Several setbacks and a failed acquisition attempt have only made Sailesh Mehta better equipped to take his company, Deepak Fertilisers, to the next level—from being a commodity-oriented firm to a consumer-driven one
Aided by a restructuring and massive capacity expansion, Sailesh Mehta expects DFPCL to double its turnover in five years
Image: Mexy Xavier
There is no place for ego in business. That is how Sailesh Chimanlal Mehta, the 59-year-old chairman of Deepak Fertilisers and Petrochemicals Corporation Ltd (DFPCL), explains his backing off from a much-publicised bid to acquire a rival company, Mangalore Chemicals & Fertilizers (MCF), after fighting to gain control of it for two years.
Mehta, who keeps a low profile, shot into the limelight when DFPCL attempted to acquire MCF by buying a chunk of shares from another investor. MCF was part of the beleaguered former liquor and aviation baron Vijay Mallya’s UB Group. But Mehta’s competitor, Zuari Fertilisers and Chemicals, part of the Kolkata-based Adventz Group, held the upper hand in the fight for control of MCF. After several rounds of a price war, Zuari, led by Saroj Poddar, who enjoyed Mallya’s support, outbid Mehta. By 2015, DFPCL sold off its entire 31.25 percent holding in MCF at a price of ₹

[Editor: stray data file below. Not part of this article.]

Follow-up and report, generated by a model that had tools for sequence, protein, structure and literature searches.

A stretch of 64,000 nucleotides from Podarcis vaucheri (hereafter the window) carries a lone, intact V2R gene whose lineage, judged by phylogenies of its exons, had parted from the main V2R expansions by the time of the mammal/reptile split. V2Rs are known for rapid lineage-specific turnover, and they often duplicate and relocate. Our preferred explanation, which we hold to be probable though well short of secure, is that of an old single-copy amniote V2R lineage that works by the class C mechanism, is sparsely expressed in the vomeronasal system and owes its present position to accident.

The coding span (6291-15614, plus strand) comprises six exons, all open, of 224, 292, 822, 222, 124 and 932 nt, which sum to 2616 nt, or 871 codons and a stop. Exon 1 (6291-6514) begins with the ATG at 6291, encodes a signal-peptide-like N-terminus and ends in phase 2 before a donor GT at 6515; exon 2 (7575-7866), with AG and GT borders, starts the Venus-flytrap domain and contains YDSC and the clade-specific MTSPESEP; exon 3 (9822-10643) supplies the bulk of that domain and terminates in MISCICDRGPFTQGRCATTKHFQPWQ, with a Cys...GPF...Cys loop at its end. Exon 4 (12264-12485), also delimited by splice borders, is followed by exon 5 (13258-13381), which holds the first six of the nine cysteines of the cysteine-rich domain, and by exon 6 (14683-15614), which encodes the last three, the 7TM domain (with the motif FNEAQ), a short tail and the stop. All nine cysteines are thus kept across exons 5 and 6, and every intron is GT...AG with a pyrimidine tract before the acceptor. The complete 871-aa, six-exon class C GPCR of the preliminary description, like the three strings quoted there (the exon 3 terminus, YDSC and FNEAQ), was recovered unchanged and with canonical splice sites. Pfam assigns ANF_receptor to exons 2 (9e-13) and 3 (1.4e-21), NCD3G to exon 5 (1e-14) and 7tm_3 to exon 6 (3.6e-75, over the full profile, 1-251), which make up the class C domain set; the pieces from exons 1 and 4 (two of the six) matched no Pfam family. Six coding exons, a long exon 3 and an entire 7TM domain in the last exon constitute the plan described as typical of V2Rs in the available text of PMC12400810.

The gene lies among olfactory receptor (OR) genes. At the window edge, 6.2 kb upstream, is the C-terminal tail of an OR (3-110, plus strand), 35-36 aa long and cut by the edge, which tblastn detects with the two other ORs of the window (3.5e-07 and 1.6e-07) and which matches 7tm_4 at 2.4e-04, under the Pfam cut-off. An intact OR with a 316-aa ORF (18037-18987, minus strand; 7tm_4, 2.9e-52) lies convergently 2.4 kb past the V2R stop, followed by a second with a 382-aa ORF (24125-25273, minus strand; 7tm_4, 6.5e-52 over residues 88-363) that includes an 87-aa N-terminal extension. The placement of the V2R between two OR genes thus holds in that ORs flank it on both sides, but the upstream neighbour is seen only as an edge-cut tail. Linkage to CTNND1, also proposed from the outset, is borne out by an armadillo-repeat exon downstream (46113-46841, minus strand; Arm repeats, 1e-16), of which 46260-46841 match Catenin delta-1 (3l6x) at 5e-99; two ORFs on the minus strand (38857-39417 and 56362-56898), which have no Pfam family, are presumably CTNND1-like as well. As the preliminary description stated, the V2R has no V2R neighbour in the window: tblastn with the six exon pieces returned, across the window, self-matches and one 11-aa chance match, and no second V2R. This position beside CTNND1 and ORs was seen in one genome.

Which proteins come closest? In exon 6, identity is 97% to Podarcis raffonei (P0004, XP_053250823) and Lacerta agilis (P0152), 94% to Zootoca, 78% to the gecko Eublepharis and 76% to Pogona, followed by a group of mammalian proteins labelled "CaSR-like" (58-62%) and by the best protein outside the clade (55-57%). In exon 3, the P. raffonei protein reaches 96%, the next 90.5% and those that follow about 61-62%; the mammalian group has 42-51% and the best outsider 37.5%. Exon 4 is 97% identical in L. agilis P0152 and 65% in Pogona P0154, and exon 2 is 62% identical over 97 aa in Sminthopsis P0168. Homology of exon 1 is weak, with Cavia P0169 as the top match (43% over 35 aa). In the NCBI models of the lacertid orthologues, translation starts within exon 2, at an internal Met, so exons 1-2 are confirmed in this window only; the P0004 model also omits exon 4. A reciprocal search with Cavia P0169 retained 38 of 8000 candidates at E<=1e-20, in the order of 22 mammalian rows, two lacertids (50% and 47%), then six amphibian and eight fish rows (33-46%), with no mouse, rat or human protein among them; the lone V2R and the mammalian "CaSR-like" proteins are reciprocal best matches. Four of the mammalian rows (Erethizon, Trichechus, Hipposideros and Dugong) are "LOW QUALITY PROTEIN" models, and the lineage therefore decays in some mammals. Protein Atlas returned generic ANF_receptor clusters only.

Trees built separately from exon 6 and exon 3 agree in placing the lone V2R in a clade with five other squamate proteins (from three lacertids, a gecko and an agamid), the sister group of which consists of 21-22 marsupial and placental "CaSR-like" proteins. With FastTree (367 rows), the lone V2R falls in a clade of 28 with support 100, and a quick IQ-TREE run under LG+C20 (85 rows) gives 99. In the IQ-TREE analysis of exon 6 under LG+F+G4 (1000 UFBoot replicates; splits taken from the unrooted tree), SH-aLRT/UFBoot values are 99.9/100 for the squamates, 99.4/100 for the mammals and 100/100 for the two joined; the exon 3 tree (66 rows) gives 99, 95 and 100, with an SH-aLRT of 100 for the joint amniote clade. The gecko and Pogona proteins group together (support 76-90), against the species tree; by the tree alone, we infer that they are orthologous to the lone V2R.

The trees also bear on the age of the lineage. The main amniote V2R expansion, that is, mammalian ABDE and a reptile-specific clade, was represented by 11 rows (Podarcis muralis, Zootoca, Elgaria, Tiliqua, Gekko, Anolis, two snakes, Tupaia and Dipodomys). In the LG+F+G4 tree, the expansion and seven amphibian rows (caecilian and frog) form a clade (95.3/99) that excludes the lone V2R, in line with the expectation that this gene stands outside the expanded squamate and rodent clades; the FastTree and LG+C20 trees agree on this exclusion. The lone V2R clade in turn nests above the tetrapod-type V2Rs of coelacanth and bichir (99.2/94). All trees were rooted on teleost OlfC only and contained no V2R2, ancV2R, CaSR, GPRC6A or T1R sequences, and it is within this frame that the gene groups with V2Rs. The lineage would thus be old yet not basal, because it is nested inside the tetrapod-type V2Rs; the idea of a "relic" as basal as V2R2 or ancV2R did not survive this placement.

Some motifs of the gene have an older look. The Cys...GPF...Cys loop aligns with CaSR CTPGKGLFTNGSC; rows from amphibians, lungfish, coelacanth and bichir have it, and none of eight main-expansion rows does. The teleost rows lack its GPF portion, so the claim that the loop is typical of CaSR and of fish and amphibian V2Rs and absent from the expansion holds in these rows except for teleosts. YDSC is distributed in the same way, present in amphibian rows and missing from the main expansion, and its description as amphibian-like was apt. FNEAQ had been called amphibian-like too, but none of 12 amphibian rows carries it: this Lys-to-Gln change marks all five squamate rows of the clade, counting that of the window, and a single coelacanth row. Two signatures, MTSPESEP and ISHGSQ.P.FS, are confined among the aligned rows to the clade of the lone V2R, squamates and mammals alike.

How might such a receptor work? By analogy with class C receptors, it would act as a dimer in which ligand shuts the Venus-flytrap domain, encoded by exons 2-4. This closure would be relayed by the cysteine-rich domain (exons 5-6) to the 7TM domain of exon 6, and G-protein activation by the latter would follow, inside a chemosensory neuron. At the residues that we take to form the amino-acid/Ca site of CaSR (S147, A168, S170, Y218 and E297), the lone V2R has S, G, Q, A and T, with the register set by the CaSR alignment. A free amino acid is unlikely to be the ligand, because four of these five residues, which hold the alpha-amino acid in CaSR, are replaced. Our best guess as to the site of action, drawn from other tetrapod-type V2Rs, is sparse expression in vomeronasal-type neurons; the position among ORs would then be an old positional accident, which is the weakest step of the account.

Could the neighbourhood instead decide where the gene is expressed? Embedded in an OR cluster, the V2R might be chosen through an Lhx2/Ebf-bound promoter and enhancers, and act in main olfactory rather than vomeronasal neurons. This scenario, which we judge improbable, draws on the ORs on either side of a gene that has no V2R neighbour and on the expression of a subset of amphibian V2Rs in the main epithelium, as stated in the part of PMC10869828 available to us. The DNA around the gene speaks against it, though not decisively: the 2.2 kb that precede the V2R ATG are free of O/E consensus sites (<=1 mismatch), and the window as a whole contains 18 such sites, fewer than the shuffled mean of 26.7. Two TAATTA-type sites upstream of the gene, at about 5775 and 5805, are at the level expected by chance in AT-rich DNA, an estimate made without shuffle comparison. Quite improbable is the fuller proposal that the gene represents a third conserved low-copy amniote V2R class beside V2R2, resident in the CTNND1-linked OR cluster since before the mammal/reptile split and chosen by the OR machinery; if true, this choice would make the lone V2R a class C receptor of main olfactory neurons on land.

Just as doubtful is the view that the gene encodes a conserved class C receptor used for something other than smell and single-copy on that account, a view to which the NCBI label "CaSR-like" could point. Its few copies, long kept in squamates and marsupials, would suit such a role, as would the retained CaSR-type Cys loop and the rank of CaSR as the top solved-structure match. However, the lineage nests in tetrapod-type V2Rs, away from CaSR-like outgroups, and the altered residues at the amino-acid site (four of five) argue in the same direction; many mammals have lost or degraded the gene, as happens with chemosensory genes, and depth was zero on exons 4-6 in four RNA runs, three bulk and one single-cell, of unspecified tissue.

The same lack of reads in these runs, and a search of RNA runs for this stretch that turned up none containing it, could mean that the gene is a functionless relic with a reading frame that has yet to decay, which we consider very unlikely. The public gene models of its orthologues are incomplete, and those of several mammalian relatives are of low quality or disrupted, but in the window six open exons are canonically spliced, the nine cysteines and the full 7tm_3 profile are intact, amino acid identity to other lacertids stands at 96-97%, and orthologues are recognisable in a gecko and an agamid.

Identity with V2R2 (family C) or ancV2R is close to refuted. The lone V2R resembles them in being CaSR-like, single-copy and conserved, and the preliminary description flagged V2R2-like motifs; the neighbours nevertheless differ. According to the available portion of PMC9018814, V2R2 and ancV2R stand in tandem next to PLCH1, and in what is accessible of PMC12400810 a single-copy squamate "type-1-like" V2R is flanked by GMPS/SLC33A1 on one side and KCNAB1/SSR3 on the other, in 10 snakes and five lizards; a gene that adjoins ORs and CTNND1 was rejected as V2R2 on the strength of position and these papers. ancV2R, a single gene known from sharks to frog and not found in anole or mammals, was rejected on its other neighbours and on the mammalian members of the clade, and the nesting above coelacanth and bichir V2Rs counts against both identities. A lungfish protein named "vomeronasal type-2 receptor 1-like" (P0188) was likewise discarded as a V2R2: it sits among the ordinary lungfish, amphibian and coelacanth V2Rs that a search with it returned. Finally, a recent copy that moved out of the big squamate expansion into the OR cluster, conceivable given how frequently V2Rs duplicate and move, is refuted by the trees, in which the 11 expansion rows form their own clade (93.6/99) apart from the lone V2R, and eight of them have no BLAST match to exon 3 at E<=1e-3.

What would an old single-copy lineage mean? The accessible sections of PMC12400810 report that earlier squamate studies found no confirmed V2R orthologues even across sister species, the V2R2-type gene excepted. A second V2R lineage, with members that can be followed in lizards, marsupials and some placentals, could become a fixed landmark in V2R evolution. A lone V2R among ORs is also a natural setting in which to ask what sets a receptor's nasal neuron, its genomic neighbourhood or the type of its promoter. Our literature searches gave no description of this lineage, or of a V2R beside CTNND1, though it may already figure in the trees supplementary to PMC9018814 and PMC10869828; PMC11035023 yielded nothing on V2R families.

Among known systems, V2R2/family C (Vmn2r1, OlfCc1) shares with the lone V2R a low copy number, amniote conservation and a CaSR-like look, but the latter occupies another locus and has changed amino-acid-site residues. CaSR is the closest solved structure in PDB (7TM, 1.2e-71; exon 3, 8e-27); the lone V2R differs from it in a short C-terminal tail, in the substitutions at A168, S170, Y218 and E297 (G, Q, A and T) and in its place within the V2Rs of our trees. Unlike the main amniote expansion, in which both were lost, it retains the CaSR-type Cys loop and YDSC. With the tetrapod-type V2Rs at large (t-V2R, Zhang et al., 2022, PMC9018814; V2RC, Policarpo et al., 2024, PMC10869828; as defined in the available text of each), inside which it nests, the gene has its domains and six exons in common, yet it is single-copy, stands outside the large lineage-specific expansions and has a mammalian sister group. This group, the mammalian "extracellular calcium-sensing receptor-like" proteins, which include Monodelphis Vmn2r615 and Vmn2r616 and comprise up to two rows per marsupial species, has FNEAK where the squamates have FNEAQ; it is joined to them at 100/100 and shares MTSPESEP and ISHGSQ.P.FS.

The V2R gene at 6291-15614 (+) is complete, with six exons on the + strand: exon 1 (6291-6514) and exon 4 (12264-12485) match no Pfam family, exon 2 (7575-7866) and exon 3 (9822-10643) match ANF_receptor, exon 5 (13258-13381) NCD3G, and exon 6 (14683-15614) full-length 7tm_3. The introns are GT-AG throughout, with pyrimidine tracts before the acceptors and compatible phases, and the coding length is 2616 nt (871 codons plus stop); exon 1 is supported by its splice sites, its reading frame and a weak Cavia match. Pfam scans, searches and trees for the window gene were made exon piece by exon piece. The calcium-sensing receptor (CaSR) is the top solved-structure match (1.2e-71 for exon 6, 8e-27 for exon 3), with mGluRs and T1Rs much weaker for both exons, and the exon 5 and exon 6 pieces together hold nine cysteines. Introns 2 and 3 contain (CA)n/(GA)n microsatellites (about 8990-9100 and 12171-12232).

322.82 crore, pocketing a profit of ₹
“It was never our intention to get into a fistfight with anyone. We were interested in MCF since it was a wonderful asset and we were given to understand that Mallya wanted to divest,” says Mehta. “But it became a peculiar contest. I believe everything has an appropriate value and we were constantly evaluating MCF’s business model to ensure we didn’t go overboard. It doesn’t help anyone if business is transacted from the standpoint of a person’s ego.”
It’s a pragmatic approach and one that has held Mehta in good stead through the several hardships his company, which reported revenues of ₹
4,257 crore in FY2017, has experienced over the years.
From the failed takeover attempt to the abrupt discontinuation of gas supply to his firm, a factor critical for DFPCL’s operations, Mehta has emerged stronger from each crisis. He is now bringing this pragmatism and experience into play as his company, one of the major fertiliser producers in the country, goes in for a massive restructuring. One that would see a sharpened focus on each business vertical and the transformation of a commodity-led business into a consumer-focussed one, even as he reinvents his company as a more resilient entity.